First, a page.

When the doctors kept running tests and coming back with negative results, I vividly recall the nurse asking, “Is there anything else going in your life right now that we should know about?” When I answered with feigned nonchalanced, “Oh um, I’m just looking for my first real job. I graduated a couple of weeks ago. Not doing much,” the nurse’s face changed from puzzled to really, really concerned. She suggested softly “You need to go see a counselor, hon.”

Thus I made an appointment at the psychological services department. (Big shout out to UC Berkeley for letting students keep their health insurance for a few weeks after graduation! AND providing the first five counseling appointments FO’ FREE! Thank you, thank you, thank you!) Each session flew by quickly because I just had so much to say, things that I thought would make me seem weak or whiny if I told them to my peers or family. I thought I was one of the very few people going through similar things, or at least the ones taking it the hardest.

At the time, I had no idea that quarter life crisis was a thing. I also had no idea how common it is. After I’ve found a job (well, paid full-time internship is close enough), I told friends about the physical symptoms I had that lead me to seeing a counselor, and to my surprise, many of them apparently also made themselves worried-sick during their first real job hunt. We were just all too embarrassed to admit to each other. Most of them did not seek professional help like I did because they didn’t think this was important enough to warrant that.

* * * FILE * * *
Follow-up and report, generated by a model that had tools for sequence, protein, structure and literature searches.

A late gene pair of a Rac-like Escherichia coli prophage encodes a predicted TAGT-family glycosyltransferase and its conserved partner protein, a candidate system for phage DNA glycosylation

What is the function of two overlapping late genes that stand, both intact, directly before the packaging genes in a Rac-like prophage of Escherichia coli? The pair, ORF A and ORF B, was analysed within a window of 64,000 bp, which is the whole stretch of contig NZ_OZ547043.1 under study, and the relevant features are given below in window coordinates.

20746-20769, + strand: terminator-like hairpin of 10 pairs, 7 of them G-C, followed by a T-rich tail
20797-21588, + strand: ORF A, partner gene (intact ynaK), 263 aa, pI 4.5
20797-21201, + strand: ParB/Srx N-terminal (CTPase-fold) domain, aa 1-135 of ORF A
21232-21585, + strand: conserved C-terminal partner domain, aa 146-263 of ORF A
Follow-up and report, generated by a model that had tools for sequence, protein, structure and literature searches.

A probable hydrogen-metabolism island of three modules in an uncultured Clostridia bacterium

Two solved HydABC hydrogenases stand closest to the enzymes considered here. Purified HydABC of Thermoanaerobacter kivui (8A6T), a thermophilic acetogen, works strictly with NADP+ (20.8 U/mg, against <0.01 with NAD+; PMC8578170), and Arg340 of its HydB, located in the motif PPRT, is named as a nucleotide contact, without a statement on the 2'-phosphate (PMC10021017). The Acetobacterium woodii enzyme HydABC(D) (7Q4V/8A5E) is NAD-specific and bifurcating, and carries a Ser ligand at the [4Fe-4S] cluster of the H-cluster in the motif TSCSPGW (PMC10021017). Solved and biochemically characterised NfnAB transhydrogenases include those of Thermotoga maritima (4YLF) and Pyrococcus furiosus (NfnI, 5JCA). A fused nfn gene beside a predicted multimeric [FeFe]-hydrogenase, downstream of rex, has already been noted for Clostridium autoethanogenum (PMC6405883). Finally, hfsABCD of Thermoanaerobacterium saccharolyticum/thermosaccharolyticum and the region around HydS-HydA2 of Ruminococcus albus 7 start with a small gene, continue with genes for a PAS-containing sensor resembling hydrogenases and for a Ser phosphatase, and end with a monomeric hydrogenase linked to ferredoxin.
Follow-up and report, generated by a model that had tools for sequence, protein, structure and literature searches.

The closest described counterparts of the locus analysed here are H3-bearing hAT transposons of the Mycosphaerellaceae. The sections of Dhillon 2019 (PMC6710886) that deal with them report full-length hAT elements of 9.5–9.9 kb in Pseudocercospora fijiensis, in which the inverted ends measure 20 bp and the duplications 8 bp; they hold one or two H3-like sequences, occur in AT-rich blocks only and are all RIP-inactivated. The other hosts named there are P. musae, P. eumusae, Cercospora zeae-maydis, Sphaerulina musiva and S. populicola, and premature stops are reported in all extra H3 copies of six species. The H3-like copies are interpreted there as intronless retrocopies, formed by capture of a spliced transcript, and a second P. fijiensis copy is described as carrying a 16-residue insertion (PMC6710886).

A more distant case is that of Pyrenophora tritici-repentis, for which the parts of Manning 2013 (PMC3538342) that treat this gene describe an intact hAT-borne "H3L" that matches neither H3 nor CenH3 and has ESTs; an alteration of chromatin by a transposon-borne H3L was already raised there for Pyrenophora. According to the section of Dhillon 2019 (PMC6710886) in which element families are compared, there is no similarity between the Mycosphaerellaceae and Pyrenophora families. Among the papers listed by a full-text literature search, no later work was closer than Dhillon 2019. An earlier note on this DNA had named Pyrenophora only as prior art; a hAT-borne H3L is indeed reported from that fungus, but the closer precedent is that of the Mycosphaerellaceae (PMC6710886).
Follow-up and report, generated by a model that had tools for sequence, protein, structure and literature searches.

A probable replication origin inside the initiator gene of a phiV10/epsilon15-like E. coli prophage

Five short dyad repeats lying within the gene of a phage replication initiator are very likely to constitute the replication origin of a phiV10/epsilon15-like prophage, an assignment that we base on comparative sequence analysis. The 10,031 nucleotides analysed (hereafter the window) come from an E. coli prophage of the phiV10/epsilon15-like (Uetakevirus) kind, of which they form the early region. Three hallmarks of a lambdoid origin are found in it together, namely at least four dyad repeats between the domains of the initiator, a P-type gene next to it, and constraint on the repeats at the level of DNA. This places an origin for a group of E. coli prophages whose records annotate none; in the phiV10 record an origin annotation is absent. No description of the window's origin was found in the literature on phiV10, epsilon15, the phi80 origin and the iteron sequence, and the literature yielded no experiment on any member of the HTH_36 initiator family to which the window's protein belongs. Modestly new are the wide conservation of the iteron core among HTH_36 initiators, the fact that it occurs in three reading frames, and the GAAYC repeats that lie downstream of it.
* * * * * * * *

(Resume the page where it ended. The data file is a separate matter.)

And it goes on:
Now I’m not so nervous about my future that I’m tossing my cookies randomly anymore, but now there’s just a quiet disturbance always bubbling beneath the surface. I didn’t want to wait until for it to erupt to learn about how to deal with it that when my other twentysomething coworkers told me about the book Defining Decade: Why Your Twenties Matter—And How To Make The most of Them Now By Doctor Meg Jay, I bought it immediately.

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I find it extremely helpful. The book couldn’t possibly give me personalized, specific recommendations on how I can work to improve my life, because every reader is unique, but the book did provide really poignant ways and realistic perspectives to think about how I can begin to improve various aspects of my life. Using examples from her anonymous clients, Meg Jay draws insight from these real-life twentysomethings’ often misled reasoning and how we could do differently to move forward. While I don’t have the same issues as them, I easily sympathize and quickly relate with each one. Sometimes I’d even think to myself, “Oh this sounds a lot like my friend ____!”